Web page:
Day 3.3 Force Fields Instructions

lovelyphloxElectronics - Devices

Oct 18, 2013 (3 years and 9 months ago)

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Day 3.
3


Force

Fields


Instructions
: The students learn about magnetic fields in grade 11
. T
he new id
ea

in grade 12 is that
electric
al and gravitational forces

can also be described through fields.

1)

A
magnetic

field around a magnet can be made visible b
y iron filings.

a)

Predict and then sketch

the magnetic field around a

bar magnet.

The filings show parts of the field lines.
Keep the diagrams simpler and clearer by drawing
continuous loops
including inside the magnet.
Strength of the field can be indicate
d with the thickness or darkness of the line.

The
North Pole

is defined to be the one where the field lines emerge from the magnet.

b)

Predict and then
observe

th
e field
between

two north poles.






c)

Predict and then
observe

the
field
between

a north a
nd a south pole.

The field lines of two bar magnets lined up to att
r
act are like the lines for a single bar magnet.






2)

The

Earth produces a
gravitational

field
, g = F/m
.

a)
S
ketch
the

gravitational
field
lines

in the classroom
.

How can you make
t
hese field lines
visible?


The students have already been using the field concept for gravity but maybe didn’t realize it, especially
if g is more strongly identified with 9.8 m/s
2

rather than 9.8 N/kg.

The lines point down and this can be
seen with many m
asses attached to strings or raindrops on a still day etc.

c)
Calculate

the

field
,

g = F
g
/m
,

near
the surface of the Earth. (
r
E

= 6.38 x 10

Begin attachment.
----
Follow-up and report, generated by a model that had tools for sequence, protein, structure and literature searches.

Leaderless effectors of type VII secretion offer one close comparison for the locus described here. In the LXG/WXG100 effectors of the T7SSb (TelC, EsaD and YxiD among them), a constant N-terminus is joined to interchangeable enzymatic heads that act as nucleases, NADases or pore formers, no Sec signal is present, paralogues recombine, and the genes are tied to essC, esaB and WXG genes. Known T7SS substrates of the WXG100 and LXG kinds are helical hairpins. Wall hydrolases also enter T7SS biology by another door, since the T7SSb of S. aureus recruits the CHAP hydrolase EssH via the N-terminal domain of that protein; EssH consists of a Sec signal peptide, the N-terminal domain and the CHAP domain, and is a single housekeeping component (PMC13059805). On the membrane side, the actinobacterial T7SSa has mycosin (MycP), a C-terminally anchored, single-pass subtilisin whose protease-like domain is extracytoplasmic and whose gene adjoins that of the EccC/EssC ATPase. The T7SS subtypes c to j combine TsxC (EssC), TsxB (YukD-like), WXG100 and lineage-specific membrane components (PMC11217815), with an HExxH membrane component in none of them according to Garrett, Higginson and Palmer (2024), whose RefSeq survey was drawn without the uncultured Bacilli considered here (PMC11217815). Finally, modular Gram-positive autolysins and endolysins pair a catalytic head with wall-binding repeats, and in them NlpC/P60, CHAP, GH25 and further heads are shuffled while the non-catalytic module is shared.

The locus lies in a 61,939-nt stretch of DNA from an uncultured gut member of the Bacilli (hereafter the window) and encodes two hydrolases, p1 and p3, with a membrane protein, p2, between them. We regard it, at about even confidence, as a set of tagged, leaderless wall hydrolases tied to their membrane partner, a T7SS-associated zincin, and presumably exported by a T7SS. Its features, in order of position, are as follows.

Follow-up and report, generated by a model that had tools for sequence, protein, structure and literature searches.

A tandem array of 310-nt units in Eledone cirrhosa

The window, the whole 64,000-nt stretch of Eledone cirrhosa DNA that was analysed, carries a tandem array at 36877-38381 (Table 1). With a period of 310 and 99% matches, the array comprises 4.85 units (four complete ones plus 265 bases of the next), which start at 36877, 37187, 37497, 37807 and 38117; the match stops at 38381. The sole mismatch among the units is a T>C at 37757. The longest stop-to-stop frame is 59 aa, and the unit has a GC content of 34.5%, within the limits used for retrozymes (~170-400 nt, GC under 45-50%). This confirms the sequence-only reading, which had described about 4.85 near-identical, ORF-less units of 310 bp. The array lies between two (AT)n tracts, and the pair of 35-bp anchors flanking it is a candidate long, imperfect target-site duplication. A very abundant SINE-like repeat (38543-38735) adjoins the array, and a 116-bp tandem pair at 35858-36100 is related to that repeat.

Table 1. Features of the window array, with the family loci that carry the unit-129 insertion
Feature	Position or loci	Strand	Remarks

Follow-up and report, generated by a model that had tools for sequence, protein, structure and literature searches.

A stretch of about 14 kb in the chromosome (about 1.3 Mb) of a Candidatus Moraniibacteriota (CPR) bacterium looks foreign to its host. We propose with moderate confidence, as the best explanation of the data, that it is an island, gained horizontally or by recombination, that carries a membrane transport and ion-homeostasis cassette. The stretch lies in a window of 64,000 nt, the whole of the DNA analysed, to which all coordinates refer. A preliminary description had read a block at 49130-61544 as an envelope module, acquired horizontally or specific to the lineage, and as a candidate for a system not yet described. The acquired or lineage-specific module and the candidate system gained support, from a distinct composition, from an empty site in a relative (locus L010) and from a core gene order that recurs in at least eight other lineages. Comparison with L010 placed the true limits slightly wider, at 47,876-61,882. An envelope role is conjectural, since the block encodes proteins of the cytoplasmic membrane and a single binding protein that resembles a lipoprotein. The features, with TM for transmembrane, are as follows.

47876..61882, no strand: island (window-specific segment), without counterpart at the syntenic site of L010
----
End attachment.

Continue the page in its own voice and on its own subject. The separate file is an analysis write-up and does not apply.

6

m, M
E

= 5.98 x 10
24

kg
)

Surprise! It is 9.8 N/kg.

d)
What do gravitational field lines
around

the
Earth

look like?

The lines all point to the center and get weaker further out.

e) What would the field lines
between

the Earth
-
Moon system look like?
How can you m
odel

this with
magnets

and iron fi
llings?





You would need two magnets and one should be stronger than the

other. Put the south poles together.

g)
How does the
field strength vary inside the E
arth?

Hint: What is the value at the centre?

This was hinted at in the first lesson. The formula says the force is infinite at the centre but it is not valid
inside the E
arth and from symmetry we know that the forces should cancel and therefore the force per
mass


the field


should be zero. It can be shown with integral calculus that the field drops off linearly
with r. Halfway to the centre, the field is 4.9 N/m.


3)

Ele
ctrical

charges produce a field
,
E
= F/Q
.

http://phet.colorado.edu/en/simulation/charges
-
and
-
fields


a
)
What
will

the electric field around a charged sphere look like?

What gravitation
al field is this
like
?

Instructions
: Have students predict by drawing on a white board before observing.

The electric field line direction is defined to be the direction on a positive charge. Therefore the
gravitational field is like the electric field ar
ound a negative charge.


b
)
What
will
the electric field near two opposite charges look like? How can you show this with a
balloon

a person with long hair
? How can you model
this
with two magnets and filings?



T
wo people with charged hair might show thi
s. T
wo north poles
will

south


c
)

What
will
the electric field near two same charges look like? How can you show this with two